Recognitions:

## Positions in Infinite Space

 Quote by netzweltler Makes perfect sense to me from a set theoretical point of view. Is it possible, that "travelling forever" simply means "travelling to each position finitely apart" and not necessarily, that a position infinitely apart is reached?
We seem to have reached a point where we are trying to define terms (like traveling forever). The math itself is clear.

 Quote by mathman We seem to have reached a point where we are trying to define terms (like traveling forever). The math itself is clear.
A math example:

The union of the segments [0, 0.5], [0.5, 0.75], [0.75, 0.875], ... is [0, 1) and not [0, 1]. If I am drawing these segments of the unit interval I am drawing infinitely many segments, but I am not drawing the last point 1.0 (which in some sense could be named the $\omega$th segment).
If the drawing of one segment takes a second, I am drawing these segments forever, and I am not reaching a point infinitely apart (in some sense point 1.0).

That's what I meant, when I was asking:
 Quote by netzweltler Is it possible, that "travelling forever" simply means "travelling to each position finitely apart" and not necessarily, that a position infinitely apart is reached?

 Recognitions: Science Advisor The fallacy in your analogy is that each step takes a fixed amount of time, no matter how small the interval. I don't see the connection to the original question where (as I have already said) you need to give a precise definition of what you mean.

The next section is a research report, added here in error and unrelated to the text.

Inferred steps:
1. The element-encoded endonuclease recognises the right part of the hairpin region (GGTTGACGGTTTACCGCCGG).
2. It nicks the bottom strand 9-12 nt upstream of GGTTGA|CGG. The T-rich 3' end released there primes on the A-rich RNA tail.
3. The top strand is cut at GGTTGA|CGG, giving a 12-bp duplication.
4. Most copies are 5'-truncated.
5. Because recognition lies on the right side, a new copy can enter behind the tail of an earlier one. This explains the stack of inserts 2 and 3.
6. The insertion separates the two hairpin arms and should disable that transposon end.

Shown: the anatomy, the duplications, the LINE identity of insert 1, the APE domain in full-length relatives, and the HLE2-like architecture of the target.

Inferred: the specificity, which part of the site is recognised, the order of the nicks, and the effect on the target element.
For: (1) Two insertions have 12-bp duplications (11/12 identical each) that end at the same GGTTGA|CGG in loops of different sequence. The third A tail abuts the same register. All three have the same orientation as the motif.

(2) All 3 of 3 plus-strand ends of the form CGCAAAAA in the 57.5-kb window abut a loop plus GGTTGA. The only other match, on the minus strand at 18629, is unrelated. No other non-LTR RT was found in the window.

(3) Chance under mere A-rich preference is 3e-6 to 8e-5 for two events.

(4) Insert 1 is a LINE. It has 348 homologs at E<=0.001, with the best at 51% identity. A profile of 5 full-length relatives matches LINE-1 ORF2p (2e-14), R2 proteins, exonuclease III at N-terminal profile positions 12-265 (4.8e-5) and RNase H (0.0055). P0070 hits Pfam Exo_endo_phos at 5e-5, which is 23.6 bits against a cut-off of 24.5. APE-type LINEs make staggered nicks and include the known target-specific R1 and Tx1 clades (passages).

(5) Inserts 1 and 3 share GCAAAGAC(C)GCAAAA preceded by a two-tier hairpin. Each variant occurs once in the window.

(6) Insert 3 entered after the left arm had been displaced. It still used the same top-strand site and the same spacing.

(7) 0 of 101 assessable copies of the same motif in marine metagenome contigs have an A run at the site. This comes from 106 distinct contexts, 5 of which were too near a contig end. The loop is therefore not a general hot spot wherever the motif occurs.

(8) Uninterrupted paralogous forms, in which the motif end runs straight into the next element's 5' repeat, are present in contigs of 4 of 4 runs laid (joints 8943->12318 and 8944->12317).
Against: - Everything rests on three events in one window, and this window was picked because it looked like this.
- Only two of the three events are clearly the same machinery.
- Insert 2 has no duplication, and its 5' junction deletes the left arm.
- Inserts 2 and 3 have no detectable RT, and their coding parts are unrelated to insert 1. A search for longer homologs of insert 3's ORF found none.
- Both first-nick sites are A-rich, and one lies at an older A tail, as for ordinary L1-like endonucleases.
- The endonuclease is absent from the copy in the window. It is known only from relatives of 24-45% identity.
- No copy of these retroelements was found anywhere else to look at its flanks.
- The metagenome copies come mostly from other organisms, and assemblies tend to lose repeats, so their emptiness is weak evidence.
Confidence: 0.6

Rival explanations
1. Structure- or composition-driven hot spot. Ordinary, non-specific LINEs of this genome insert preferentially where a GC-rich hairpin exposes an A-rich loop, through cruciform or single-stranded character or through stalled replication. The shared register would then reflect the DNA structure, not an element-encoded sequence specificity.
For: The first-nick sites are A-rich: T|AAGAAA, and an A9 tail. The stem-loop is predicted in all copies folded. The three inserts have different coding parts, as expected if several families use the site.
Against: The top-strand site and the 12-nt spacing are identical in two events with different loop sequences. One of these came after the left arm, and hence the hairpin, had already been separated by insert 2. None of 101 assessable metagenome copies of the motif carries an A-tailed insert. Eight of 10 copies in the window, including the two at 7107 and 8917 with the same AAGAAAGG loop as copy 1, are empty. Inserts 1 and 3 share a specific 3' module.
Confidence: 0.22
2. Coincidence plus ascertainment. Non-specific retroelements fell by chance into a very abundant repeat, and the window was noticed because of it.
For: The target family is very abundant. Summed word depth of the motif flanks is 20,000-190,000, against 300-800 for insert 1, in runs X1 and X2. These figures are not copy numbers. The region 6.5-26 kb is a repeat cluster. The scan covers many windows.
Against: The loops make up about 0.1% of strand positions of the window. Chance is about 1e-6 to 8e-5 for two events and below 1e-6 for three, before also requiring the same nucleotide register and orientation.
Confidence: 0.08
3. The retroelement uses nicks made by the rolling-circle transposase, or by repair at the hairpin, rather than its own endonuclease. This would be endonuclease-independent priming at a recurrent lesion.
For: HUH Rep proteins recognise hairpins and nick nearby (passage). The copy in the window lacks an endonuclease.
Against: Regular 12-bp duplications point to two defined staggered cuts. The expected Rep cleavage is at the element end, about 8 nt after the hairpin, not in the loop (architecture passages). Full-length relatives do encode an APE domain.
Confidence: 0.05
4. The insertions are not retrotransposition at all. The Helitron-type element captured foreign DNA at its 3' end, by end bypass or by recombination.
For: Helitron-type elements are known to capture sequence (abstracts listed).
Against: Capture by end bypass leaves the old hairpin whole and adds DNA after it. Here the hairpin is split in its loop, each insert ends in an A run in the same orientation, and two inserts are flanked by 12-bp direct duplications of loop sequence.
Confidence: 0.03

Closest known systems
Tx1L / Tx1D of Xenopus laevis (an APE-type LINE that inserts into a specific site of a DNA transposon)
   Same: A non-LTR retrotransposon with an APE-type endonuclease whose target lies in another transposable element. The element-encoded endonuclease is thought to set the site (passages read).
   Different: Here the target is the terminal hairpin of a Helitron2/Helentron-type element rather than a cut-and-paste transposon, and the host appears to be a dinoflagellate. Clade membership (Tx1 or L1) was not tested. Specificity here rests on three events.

To see the analogy it might be helpful to biject the previous example to the trip of the set of mathematicians who haven't reached their destination. Let's say 1. travelling the first meter → drawing the segment [0, 0.5] 2. travelling the second meter → drawing the segment [0.5, 0.75] 3. travelling the third meter → drawing the segment [0.75, 0.875] ... Do we have two different definitions of infinite travelling? 1. Travelling between two points infinitely apart 2. Passing every finite meter/segment of infinitely many meters/segments In the first case we arrive at the point infinitely apart. In the second case we don't. According to the first definition the set of mathematicians who haven't reached their destination is empty at arrival at the point infinitely apart. According to the second definition the set of mathematicians who haven't reached their destination is non-empty for the whole infinite trip, and so it might be valid to state, that the mathematicians of this set are on an infinite trip, thus questioning that there are only finite distances in infinite space.

This whole conversation seems to have gone somewhere where I don't know where it is. First, the original question: The travel time of every mathematician is finite. We've settled that. It's done. As for this comment...